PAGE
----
• MPs continue Brexit debate on the EU Withdrawal agreement – MPs concluded the second day of debate at 7:28pm this evening. It will resume tomorrow at 9:30am, and conclude with the meaningful vote next Tuesday evening. (BBC)

 

  • Brexit plan B debate will last only 90 minutes, says No 10 – Downing Street has said that if Theresa May’s deal is voted down, any debate over a Brexit plan B would be 90 minutes long and only one amendment would be allowed. The prime minister’s spokesman told reporters at Thursday morning’s lobby briefing that No 10’s understanding of the Dominic Grieve amendment, which requires May to outline a plan B in three working days if she is defeated, was that only a limited debate would then be allowed. The spokesman said: “[In relation to] the motion that would follow from the Grieve amendment, there would only be 90 minutes of debate on the motion is our understanding and only one amendment could be selected.” The government was controversially defeated on Wednesday by 308 to 297 after John Bercow, the Speaker, allowed the Conservative backbencher to submit an amendment reducing the amount of time May would have to act. (The Guardian)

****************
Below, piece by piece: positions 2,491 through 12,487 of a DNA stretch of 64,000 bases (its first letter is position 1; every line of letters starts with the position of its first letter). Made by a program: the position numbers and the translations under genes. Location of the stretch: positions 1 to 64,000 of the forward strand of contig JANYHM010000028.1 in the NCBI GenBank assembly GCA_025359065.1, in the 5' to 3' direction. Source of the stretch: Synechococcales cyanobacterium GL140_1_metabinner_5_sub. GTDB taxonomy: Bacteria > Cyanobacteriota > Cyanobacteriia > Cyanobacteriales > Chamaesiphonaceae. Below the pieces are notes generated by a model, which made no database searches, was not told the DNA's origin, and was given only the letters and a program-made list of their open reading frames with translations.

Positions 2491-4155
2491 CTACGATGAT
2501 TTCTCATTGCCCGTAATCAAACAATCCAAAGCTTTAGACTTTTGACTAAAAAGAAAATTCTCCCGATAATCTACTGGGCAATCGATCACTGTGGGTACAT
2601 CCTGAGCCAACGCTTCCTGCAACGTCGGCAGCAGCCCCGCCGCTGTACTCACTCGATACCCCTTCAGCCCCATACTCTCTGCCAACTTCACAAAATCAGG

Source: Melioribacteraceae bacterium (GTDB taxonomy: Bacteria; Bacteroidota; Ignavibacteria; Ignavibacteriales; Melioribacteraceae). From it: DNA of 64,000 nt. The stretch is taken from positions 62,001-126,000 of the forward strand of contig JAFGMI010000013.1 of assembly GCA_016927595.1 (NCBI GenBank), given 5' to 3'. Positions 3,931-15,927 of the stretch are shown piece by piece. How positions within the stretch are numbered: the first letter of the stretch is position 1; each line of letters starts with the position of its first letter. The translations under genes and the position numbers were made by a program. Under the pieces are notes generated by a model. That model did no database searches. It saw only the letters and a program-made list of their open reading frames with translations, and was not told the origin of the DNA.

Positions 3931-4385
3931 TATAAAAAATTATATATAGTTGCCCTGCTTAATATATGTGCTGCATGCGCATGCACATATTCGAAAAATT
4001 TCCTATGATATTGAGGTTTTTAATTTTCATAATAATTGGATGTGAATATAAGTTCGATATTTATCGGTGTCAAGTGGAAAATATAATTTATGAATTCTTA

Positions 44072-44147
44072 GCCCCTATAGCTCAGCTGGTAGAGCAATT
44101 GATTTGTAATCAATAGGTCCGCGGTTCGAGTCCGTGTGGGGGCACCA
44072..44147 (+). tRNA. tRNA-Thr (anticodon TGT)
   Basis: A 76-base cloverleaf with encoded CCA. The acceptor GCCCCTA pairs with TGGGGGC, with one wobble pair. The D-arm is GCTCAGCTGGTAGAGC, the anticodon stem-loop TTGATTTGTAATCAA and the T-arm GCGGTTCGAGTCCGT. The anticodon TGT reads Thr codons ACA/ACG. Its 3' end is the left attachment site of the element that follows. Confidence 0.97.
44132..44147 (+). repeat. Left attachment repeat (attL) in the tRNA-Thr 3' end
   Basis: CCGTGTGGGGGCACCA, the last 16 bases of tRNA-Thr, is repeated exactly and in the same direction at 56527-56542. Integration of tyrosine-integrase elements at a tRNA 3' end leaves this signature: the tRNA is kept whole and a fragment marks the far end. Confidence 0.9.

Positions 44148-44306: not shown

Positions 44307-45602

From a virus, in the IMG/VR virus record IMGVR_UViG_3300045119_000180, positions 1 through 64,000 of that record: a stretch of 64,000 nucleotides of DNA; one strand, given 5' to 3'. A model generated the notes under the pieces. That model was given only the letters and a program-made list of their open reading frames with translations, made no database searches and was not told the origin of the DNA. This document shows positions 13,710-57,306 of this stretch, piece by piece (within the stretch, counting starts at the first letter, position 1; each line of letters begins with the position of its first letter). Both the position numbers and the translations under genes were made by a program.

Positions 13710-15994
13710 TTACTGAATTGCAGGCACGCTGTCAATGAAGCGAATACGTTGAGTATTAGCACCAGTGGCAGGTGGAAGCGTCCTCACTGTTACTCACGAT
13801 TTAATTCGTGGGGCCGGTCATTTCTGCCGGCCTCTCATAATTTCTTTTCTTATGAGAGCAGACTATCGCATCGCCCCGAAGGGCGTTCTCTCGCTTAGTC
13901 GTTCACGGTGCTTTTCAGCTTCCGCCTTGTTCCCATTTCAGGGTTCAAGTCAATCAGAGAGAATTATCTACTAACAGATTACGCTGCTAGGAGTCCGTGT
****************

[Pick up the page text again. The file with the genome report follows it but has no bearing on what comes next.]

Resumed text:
• Jeremy Corbyn demands election to ‘break deadlock’ – Labour leader Jeremy Corbyn has stepped up calls for a general election “at the earliest opportunity” to “break the deadlock” over Brexit. In a speech, he said a new government would have a fresh mandate to negotiate a better withdrawal deal with the EU. The Conservatives said Labour did not have a plan for Brexit and were “playing politics”. Labour is set to vote against Mrs May’s deal next Tuesday and if, as widely expected, it is defeated, they are expected to start moves to trigger a general election. Asked if this would happen immediately, Mr Corbyn said Labour would “table a motion of no confidence in the government at the moment we judge it to have the best chance of success”. If a majority of MPs back a no confidence motion, the government will get 14 days to try and win another confidence vote – if it can’t do that, a general election will be held. Mr Corbyn said: “Clearly, Labour does not have enough MPs in parliament to win a confidence vote on its own. So members across the House should vote with us to break the deadlock.” (BBC)

 

  • Japan’s Abe says whole world wants UK to avoid no-deal Brexit – Japanese prime minister Shinzo Abe said the “whole world” wanted to avoid a no-deal Brexit, as he became the first world leader to visit the UK and lobby for Theresa May’s deal. With just five days until a key parliamentary vote, Mr Abe gave Mrs May a rare boost by offering Japan’s “full support” for the UK-EU withdrawal agreement. Mrs May is facing heavy defeat in the vote, having already lost two procedural votes on Brexit this week. On Thursday two Conservative MPs who had previously indicated they would oppose her deal said they would back it — but the prime minister has just five days to win over dozens more. Mr Abe expressed hope that Japan’s relationship with the UK would be reinforced after Brexit, calling the UK “the gateway to the European markets”. (FT)